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Chasseguet-Smirgel, J. (1976). Freud and Female Sexuality—The Consideration of Some Blind Spots in the Exploration of the 'Dark Continent'. Int. J. Psycho-Anal., 57:275-286.

(1976). International Journal of Psycho-Analysis, 57:275-286

Freud and Female Sexuality—The Consideration of Some Blind Spots in the Exploration of the 'Dark Continent'

Janine Chasseguet-Smirgel

Because time is limited it will not be possible for me to deal with Freud's ideas on female sexuality in their entirety, even less to compare them with opposing views expressed by other psychoanalysts. I shall therefore speak about only those issues which have caused the greatest controversy.

Let me open this discussion with a remark of a general nature: if a subject as fundamental as female sexuality causes such disagreement among analysts after almost 80 years of clinical experience, it must be because it stirs up certain internal factors in a particularly intense way which somehow interfere with our progress towards knowledge. Our differences of opinion about female sexuality are such that in the mêlée we lose sight of the truth.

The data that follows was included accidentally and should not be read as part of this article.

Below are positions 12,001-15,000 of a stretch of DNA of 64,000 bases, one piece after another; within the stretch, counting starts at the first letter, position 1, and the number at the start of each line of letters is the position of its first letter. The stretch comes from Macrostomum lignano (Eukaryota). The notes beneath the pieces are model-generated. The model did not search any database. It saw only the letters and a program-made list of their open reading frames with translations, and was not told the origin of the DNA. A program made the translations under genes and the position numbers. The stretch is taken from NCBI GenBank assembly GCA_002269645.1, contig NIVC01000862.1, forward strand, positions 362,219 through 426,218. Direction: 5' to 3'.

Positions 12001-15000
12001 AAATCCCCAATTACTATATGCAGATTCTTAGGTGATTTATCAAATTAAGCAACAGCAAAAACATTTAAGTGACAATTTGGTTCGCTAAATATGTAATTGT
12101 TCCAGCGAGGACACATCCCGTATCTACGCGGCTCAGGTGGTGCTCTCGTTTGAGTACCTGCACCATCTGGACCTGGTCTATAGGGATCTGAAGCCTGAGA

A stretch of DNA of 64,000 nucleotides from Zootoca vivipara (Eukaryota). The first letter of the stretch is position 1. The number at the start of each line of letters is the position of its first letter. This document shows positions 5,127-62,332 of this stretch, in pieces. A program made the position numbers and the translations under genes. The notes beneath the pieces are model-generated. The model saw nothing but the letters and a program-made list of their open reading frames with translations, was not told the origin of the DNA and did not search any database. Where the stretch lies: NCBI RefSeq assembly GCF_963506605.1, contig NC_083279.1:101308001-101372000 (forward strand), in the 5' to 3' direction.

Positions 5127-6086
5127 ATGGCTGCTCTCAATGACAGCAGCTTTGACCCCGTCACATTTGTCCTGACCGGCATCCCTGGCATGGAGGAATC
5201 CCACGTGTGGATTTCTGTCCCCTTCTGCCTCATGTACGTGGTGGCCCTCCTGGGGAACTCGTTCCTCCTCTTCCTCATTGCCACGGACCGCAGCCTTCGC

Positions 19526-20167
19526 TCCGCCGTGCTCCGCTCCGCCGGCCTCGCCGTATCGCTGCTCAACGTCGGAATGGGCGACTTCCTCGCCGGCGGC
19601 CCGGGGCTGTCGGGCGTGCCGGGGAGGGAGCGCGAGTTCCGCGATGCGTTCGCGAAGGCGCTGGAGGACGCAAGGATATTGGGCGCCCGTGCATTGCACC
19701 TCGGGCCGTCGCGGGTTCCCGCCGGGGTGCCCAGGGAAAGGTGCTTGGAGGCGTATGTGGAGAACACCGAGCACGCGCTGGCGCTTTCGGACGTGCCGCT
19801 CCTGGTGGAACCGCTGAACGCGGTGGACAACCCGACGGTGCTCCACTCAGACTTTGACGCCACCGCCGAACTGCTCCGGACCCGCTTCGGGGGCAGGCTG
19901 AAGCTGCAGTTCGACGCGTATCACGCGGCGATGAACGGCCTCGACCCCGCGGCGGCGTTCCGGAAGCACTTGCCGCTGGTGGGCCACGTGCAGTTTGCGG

A correlative comment comes to mind: divergencies in our understanding of female sexuality inevitably breed corresponding differences of opinion concerning male sexuality. Bisexuality, the notion of a 'complete' Oedipus—both negative and positive—the necessity for dual identification, all conspire to cast the shadow of the 'dark Continent' on to male sexuality. It seems to me artificial and fallacious to completely abstract the study of female sexuality from that of the femininity common to both sexes and of human sexuality in general.

I shall therefore restrict my study of Freud's work on female sexuality to the discussion of some essential points; but at the same time I find myself forced to broaden the scope of these very same issues.

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